Almost nine years ago, well-known local resident Wendy Hamblin became concerned about the plight of grandmothers in all parts of Africa who were raising multiple grandchildren whose parents had died of AIDS.
At that time, there was very little help for this problem, but Canadian Stephen Lewis, the United Nations' Special Envoy to Africa, recognized the need.
Hamblin attended a conference in Toronto hosted by the Stephen Lewis Foundation for the Grandmothers to Grandmothers Campaign.
After bringing this knowledge back to 100 Mile House, a group of local women eagerly took up the cause and the Goldrush Grannies was born.
Since then, more than $50,000 has been raised by the Grannies through community events, bake sales and 10-kilometre walks for which pledges were gathered and all proceeds went to the Stephen Lewis Foundation.
The Goldrush Grannies has the satisfaction of knowing that members have helped to supply items, such as sewing machines and agricultural tools that enable the grandmothers in Africa to earn a living.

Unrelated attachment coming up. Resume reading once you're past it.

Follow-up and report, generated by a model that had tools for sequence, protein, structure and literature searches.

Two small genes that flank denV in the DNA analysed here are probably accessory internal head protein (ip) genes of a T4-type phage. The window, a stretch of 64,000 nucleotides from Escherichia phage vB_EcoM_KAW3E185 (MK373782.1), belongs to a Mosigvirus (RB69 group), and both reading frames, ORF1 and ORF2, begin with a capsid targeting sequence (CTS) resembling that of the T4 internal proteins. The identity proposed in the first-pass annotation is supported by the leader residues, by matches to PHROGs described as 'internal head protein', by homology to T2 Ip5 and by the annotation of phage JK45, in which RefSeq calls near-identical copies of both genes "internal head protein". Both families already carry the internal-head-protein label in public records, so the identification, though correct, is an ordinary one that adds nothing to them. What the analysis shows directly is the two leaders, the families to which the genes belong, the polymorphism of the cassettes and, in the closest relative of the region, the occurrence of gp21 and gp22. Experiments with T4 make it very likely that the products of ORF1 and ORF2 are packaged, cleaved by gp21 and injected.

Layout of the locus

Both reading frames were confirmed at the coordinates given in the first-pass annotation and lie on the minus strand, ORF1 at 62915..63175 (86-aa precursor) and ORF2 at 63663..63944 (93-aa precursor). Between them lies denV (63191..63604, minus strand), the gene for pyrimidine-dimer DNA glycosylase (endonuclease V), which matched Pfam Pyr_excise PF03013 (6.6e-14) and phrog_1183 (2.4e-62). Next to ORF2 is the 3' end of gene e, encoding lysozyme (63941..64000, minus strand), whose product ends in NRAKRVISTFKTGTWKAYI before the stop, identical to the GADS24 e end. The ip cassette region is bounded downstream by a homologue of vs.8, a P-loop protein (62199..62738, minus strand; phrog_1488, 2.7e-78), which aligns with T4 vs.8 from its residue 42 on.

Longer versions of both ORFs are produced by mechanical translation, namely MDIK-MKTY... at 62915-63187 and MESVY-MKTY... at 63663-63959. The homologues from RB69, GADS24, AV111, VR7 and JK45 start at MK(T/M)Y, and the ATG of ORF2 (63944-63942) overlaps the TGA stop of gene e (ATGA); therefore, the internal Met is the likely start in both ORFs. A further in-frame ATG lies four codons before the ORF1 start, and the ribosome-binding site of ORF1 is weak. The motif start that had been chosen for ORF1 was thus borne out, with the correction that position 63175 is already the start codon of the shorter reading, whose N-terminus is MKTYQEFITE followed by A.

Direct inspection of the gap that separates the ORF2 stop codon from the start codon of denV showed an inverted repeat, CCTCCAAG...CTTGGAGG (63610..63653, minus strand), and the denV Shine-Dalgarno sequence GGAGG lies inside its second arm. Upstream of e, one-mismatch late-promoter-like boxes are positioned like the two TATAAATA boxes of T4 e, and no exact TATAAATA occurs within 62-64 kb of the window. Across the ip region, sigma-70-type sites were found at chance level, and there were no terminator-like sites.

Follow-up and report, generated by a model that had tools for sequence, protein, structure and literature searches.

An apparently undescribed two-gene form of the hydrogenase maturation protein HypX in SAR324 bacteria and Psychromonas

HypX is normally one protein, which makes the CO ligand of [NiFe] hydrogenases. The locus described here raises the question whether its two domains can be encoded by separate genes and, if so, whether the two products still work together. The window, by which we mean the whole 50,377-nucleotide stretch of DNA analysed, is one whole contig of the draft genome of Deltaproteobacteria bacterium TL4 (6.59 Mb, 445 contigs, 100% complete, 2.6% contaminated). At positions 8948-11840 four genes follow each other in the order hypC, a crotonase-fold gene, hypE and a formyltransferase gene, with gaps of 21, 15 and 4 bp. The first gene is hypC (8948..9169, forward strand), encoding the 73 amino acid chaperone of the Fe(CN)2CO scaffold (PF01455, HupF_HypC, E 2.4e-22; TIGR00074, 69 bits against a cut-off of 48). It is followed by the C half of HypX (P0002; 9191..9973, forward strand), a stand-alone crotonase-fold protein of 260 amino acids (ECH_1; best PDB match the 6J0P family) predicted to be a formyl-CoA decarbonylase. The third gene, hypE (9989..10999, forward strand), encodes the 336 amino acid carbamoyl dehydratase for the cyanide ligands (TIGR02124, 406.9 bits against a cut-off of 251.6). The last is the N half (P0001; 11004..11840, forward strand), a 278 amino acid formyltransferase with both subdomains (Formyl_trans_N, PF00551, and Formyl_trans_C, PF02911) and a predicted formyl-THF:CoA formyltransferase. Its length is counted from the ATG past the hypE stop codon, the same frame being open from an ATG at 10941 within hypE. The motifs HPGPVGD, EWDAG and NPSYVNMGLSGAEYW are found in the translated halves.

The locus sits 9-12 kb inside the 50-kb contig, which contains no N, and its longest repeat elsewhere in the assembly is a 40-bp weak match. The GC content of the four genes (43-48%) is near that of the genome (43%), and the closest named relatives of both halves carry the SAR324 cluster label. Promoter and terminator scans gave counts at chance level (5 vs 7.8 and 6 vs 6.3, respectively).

However, the intervening eight years have taken their toll on the already grandmotherly group and, unfortunately, there are fewer and fewer members physically able to take part in the events.
At a meeting on Jan. 22, it was decided to disband the Goldrush Grannies.
The Stephen Lewis Foundation is still working to turn the tide of AIDS, but now other agencies are involved in partnership and anti-viral drugs are more readily available.
Should anyone wish to continue to donate to the cause, details can be found online at stephenlewisfoundation.org.
The Goldrush Grannies extend a heartfelt thank-you to this “wonderful” community, which has supported the cause during the last eight-and-a-half years.